ST. PAUL, Minn. - University of Saint Thomas English Professor Dr. Lon Otto looks down on the Paul Granlund sculpture "Constellation Earth" from his campus office every day; however, he's not expecting the actual earth to go away anytime soon, despite fears of a Mayan apocalypse on Dec. 21.
"I am saying every serious scholar of the ancient Maya will say 'No, there was never a sense that this would be the end of everything,'" said Otto. "I think it is not really very scary. It certainly has no solid roots in anything really to do with the ancient Maya. There is a complicated series of misinterpretations and exaggerations and appropriations that went on over the last 10-20 years that accounts for the idea of it."
Otto has been a Maya "buff" as long as he can remember.
"The Maya loved mathematics. They adored keeping time. They kept time in a lot of different ways. They used it rhetorically," he said.
Otto said a "minor" Mayan archaeological site some years ago was the origin of the end-of-the-world "prophecy."
He said the Maya wrote in a "glyph" language using pictures rather than words. The images on the excavation wall were misread by a researcher, who later retracted his claim; however, the suspicion lingered about some cataclysm.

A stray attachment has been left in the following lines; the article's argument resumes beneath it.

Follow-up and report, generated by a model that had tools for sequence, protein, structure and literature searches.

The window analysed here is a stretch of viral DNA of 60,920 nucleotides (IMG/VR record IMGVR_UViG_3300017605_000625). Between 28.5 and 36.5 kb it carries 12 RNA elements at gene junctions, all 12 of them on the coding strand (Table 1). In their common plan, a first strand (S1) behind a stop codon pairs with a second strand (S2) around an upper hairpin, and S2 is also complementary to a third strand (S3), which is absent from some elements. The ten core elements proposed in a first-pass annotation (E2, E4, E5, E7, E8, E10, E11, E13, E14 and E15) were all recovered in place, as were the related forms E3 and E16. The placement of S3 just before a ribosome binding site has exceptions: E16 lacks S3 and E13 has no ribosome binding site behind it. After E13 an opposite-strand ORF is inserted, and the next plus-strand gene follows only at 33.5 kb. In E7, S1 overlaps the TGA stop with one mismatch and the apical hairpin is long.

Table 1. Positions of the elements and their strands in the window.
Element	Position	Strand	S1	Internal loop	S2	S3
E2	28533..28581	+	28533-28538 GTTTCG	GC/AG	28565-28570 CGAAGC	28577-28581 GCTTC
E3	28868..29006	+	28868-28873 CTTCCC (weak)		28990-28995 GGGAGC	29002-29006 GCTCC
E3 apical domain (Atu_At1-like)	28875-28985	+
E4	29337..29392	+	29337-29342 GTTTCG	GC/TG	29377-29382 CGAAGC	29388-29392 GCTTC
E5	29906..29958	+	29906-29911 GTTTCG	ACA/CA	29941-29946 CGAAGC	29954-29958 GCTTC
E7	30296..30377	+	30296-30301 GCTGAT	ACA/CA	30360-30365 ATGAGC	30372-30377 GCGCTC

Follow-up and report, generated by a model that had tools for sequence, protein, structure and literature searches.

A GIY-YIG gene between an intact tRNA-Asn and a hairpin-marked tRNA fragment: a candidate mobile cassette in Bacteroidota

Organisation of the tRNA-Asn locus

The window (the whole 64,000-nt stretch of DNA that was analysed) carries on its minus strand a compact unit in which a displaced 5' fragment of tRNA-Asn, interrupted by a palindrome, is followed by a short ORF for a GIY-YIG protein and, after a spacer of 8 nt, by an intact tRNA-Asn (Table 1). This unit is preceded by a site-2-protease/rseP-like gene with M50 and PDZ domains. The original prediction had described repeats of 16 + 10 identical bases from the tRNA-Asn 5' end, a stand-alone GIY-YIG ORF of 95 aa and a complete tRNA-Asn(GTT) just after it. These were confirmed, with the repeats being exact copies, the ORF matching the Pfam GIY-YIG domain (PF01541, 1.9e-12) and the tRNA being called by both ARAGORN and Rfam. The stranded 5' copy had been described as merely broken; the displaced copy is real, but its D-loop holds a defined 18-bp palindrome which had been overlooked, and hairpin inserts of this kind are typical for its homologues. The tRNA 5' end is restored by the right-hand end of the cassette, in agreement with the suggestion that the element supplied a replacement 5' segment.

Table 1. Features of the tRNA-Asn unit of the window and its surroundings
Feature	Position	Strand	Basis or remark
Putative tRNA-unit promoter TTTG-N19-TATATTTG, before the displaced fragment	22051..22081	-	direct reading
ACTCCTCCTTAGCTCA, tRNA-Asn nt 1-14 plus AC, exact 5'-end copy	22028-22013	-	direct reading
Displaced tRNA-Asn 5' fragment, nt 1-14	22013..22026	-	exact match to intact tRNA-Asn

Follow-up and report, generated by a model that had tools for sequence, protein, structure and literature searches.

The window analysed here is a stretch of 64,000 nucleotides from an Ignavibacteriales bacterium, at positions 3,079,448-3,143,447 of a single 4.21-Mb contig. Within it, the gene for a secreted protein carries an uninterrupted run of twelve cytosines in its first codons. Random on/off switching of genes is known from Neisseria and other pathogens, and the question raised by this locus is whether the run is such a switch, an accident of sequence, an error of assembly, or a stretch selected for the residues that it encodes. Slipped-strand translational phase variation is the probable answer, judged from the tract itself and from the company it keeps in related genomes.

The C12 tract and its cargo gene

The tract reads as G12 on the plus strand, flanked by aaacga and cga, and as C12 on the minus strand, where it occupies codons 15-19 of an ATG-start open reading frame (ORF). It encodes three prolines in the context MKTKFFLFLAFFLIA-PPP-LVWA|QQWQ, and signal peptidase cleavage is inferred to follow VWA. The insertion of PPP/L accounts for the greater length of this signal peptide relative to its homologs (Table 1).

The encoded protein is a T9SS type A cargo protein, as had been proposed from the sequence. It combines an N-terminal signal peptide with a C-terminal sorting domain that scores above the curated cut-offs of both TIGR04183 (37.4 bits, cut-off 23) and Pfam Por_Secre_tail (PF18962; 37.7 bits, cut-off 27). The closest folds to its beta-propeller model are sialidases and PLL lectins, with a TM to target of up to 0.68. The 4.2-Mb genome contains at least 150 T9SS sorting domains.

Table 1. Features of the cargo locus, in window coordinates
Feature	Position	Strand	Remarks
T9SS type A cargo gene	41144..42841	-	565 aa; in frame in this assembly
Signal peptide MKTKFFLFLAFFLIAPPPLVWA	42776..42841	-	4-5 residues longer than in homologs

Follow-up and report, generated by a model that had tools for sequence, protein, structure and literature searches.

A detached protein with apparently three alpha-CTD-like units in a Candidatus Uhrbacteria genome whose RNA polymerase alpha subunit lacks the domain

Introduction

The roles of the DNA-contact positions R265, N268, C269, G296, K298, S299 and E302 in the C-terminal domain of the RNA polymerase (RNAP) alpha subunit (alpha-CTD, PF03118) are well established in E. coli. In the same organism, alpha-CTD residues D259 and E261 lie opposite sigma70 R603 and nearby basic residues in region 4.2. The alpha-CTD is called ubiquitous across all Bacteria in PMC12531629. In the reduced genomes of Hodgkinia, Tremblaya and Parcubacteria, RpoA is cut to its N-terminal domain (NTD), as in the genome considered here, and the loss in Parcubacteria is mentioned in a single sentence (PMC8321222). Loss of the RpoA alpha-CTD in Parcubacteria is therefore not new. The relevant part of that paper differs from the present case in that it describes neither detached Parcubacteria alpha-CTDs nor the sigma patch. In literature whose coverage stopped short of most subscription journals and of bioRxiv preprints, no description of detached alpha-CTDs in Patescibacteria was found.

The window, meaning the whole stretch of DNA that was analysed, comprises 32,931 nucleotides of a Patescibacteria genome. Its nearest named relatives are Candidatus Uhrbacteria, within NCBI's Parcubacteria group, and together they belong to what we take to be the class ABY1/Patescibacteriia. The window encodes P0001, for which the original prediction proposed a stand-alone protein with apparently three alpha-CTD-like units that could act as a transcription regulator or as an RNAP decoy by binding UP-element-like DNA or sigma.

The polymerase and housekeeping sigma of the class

Otto said the dedication was simply taking note of the past and of the future "as a way of emphasizing the importance of the dedication of this event."
The ancient Maya, in fact, used three calendars. One was a "sacred" calendar to keep track of religious events. A second calendar was "secular" and more closely resembles the 365 day solar calendar used today, minus the leap years, which the Maya never used. The third is the "long count" calendar, which is the one that had sent some people into an end-of-the-world tizzy.
The assumption by scholars now is that the Maya simply expected that they would begin another cycle of life at the end of the long count calendar, like a car odometer rolling back to zero after running past its mileage spaces.
Still, Otto knows that some people will delight in the thought of the world ending on 12/21/12.
"I think that there is a pleasure that we take as a culture in the idea of disaster," he said.
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